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05 Dec. 2018 | Comments (0)

President George H.W. Bush (41) had a tremendous influence on the growth of corporate volunteering. When he established Points of Light in 1990, the National Council on Workplace Volunteering (NCWV) became part of his movement. Today, employee volunteer programs are an integral part of a company’s corporate social responsibility (CSR) program and NCWV is bigger and stronger than ever, leading the way as the Corporate Service Council. 

My own experience leading corporate volunteering can be traced to President Bush. When I worked in Adventureland at Disneyland in college, the Disneyland Community Action Team was founded and I was a part of the group. I wanted to form a similar group at The Walt Disney Studios where I worked after college graduation. Michael Eisner, then CEO of The Walt Disney Company, was appointed a Founding Board Member of Points of Light by President Bush. That was all the impetus I needed and the next thing I knew I was building the Disney VoluntEARS program that I took national and ultimately grew to more than 50 countries globally.

While employee volunteering had been around for quite a few years, it really exploded in the 1990s. During this decade, The Conference Board, in conjunction with Points of Light, wrote two pieces of important research. The first in 1993, “Corporate Volunteer Programs: Benefits to Business,” was the first comprehensive report written on the benefits of employee volunteer programs. It found that these programs were increasingly valued for their role in meeting strategic business goals, helping build a quality workforce, continuing to provide public and community relations benefits, and targeting education as their top priority. In 1997, both organizations expanded on the 1993 research with the publication of “Corporate Volunteerism: How Families Make A Difference.”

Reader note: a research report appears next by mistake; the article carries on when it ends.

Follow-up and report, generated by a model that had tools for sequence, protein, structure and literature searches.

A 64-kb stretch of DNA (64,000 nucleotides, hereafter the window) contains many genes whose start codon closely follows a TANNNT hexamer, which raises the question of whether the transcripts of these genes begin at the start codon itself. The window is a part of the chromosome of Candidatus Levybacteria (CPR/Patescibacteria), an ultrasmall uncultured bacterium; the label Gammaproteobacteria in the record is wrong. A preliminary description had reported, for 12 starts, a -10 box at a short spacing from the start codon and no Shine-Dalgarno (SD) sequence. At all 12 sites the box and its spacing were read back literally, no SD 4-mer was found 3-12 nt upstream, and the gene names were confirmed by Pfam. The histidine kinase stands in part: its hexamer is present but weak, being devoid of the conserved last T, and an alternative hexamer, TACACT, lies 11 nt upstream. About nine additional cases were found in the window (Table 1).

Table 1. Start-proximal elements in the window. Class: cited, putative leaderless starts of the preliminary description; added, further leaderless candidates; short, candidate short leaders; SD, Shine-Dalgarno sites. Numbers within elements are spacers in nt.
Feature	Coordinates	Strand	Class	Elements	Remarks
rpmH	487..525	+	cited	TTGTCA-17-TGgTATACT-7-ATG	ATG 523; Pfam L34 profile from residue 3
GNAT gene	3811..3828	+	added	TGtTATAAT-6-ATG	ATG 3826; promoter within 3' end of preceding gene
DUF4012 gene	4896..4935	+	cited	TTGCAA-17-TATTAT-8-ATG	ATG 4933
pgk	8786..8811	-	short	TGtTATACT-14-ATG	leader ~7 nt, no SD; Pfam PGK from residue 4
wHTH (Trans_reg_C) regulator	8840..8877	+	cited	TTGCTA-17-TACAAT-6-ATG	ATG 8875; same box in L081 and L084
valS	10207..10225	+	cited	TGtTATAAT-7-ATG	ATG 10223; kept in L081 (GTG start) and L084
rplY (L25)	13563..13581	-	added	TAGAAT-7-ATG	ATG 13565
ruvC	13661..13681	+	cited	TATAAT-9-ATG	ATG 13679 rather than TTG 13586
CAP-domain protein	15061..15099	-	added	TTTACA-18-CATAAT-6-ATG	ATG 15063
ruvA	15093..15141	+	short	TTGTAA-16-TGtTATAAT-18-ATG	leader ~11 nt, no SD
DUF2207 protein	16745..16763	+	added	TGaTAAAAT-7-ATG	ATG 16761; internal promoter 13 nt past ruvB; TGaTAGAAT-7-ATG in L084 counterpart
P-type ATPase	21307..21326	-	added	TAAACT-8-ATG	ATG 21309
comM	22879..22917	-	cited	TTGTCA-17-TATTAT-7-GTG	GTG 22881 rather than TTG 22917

President Bush established the National and Community Service Act of 1990 that laid the groundwork for President Clinton to establish AmeriCorps. AmeriCorps members often work with corporate volunteers, today leveraging the skills both bring to community problem solving.  

In 1997, General Colin Powell chaired the Presidents’ Summit for America’s Future, which brought all of the living Presidents and Nancy Reagan together to encourage people to volunteer. Leaders of governments, businesses and nonprofits gathered in front of Independence Hall in Philadelphia to make a commitment to America’s Promise. The summit was co-convened by Points of Light and the Corporation for National and Community Service. President Clinton was the President and continued the legacy started by his predecessor.

In the aftermath of September 11, President George W. Bush (43) called 18 CEOs (most all The Conference Board members) to The White House to create Business Strengthening America, an initiative to help the nation heal through service to others. Eventually, over 500 corporations signed on and, through internal efforts with employees and external efforts with customers, encouraged millions to volunteer. President Bush (41) and Barbara taped a public service announcement for the initiative. Points of Light led the effort for The White House and I was honored to have been the co-chair of Business Strengthening America. 

Corporate volunteering now spans the globe. Employees use their expertise to partner with NGOs on how to attain the United Nations Sustainable Development Goals. Employees help adults how to read, they provide needed help to schools, and you see them out in force beautifying communities and cleaning up the environment. As we celebrate the life of President George H. W. Bush, let us remember his role as a catalyst working with companies to establish volunteer programs and inspiring their employees to serve.

  • About the Author:Jeff Hoffman

    Jeff Hoffman

    Jeff Hoffman has a distinguished history working with corporations, non-profits, civic and government agencies on strategic direction and innovative programs.He leads Jeff Hoffman & Associates, a …

    Full Bio | More from Jeff Hoffman


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